492 Words About Being Not Famous

492 Words About Being Not Famous 

A couple of years ago my husband came marching in the house and sat me down. “I need to talk to you!” he said. 

Geez! I thought. Seems serious!

“Are you famous?” He asked. 

 I laughed. 

“I’m serious!” he said. “Tell the truth!” 

“No!” I said “Defnitely not! At all.” 

“Well,” he said,  “In the meeting I just went to I introduced myself and said that my wife is named Traci Smith. Then someone pulled up a cover of your book on their phone and said “She’s famous!” 

“Look. I said. “You are married to me. You would know if I was famous. I would know too.”  


And that was the end of that. 

Last summer I was buzzing around someone I had been trying to meet with for awhile. I finally cornered them at a conference we were both attending and they looked at me quizzically and said “Oh yeah, didn’t you write a book or something?” (Yeah, something like that. See also: Not Famous!) Then, 45 minutes later I was in the pool with my kids and I overheard someone whisper-scream “I’m in the pool with Traci Smith” in a way that can only be described as flatteringly fan-girl ish. (And believe me I’m entirely too flattered every time this happens.)  The fact that these things happened at the same conference says it all. 

I ponder fame with some regularity because I had lots of thoughts about it during a mental breakdown that happened five years ago.  It was a terribly low time in my life and also (as these things go) one of the best things that ever happened to me. It’s a longer story, but to make it short: after severe insomnia, I had a psychotic break that led to hospitalization. I learned so so much from the hallucinations, and I sorted through almost every major question I had about life, the universe, my place in it, and more. It sounds dramatic because it was.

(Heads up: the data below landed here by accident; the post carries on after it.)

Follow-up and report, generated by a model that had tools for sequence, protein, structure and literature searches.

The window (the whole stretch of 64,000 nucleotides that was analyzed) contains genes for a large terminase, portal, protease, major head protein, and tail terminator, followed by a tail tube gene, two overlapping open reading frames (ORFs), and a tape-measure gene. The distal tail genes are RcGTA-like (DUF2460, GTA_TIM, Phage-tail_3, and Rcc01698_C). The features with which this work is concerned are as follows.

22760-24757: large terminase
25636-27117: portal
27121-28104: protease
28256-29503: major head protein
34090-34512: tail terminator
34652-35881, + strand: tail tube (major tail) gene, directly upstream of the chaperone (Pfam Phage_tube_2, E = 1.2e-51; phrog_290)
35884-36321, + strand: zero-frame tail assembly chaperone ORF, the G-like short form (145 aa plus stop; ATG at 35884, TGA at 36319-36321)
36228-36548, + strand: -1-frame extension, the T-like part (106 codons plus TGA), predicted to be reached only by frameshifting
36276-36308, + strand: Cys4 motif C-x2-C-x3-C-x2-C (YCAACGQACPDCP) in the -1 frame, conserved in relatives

One of the things I learned about fame is this: if you can get away with doing what you want to do without anyone knowing who you are at all consider it a gift. It’s not that it’s not fun when people recognize you — it is, at least for me — it’s that there’s a very steep dropoff where the fun turns into an invasion of privacy and messes with your head and costs you more than you can pay. 

So, if you see me (or any person you know) out “in the wild” feel free to fan-girl them a little (if you’re a fan!) They will love it and soak it in and likely be genuinely honored and shocked that you feel that way. And then, as quickly as you can, tell yourself this: this is a real person and there is definitely something about me that is as or more interesting than the things I find interesting about them. 

#WritersWrite and I write almost every day. I sometimes share my thoughts publicly in this series called “500 Words or Less” This practice allows me to explore a variety of different topics in a restrained/contained way and learn what resonates with people. I wrote it, not AI. If you share, please give proper credit. © Traci Smith, 2023. All Rights Reserved. 

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